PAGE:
Ramani P, Nithya V R, SreeDevi J, Vinod Kumar A C. Pneumosinus dilatans: A rare case report and review of literature. J Indian Acad Oral Med Radiol [serial online] 2021 [cited 2021 Sep 26];33:226-9. Available from: https://www.jiaomr.in/text.asp?2021/33/2/226/319070




   Introduction Top


Pneumosinus dilatans (PSD) is an idiopathic expansion of paranasal sinuses (PNS) containing air without any muscle mass.[1] Involvement of frontal sinus is common but might affect all PNS.[2] PSD is usually a benign and asymptomatic disease of unknown etiology with no evidence of bone destruction or pathological changes of the underlying mucosa. The condition was first described by Mayes in 1898 but was named pneumatocele and Benjamins assigned the name PSD in 1918;[3] he also described the difference between PSD and a pneumatocoele.

Afroze (2017) was the first who coined the term “Deer Horn Sinus” for PSD frontalis (PDF) because, on coronal computed tomography (CT) images, PDF may give an appearance of deer horn.

Urken et al[4] classified paranasal sinus PSD into three categories according to clinical symptoms, radiologic enlargement, and thinning of the sinus walls. In order of increasing severity, the classifications were hypersinus, PSD, and pneumocele. Classification is summarized in [Table 1].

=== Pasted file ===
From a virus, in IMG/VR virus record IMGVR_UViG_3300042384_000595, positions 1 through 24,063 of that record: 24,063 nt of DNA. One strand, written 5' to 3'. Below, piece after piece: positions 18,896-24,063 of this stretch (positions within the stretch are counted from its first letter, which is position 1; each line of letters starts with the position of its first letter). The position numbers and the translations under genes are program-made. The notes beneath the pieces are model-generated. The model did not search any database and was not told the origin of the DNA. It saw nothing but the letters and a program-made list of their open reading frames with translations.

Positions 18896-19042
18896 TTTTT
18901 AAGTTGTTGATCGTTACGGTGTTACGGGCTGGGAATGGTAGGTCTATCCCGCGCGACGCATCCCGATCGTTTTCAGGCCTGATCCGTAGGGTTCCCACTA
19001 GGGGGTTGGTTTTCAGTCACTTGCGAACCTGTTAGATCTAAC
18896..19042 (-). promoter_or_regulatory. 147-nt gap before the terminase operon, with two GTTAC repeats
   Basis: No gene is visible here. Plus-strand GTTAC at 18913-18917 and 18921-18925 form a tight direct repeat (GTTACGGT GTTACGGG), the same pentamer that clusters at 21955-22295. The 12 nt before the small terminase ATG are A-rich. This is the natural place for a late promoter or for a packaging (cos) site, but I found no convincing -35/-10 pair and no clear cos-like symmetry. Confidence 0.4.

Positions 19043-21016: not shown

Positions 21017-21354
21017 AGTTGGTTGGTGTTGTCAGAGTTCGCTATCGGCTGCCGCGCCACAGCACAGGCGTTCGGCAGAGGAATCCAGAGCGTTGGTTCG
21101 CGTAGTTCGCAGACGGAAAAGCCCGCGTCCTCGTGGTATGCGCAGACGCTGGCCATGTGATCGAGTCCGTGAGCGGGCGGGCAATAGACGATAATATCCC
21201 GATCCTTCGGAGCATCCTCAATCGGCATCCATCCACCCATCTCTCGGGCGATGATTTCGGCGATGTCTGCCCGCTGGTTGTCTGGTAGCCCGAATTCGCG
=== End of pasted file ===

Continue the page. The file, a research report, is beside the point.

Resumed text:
Table 1: Urken et al. (1987) classification on Pneumosinus dilatans

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The average dimensions of the frontal sinus in the literature are 17 mm deep, 27 mm wide, 28 mm high (Paul et al., 1994).[5] Pneumonization of the frontal sinus or increase in the dimension leads to expansion of the sinus wall causing PSD.[6] PSD often is an incidental radiologic finding and is mostly diagnosed by the recognition of the frontal deformity.[7] The usual complaints are local pain, headache, frontal paraesthesia or sensory deficit, olfactory loss, and ophthalmic disturbances. X-rays, clinical findings, and hormonal examinations differentiate PSD from acromegaly and exostosis.[3] PSD is described either as an isolated form or in association with other diseases, such as arachnoid cyst, cerebral hemiatrophia, meningioma, and Klippel–Trenaunay–Weber syndrome.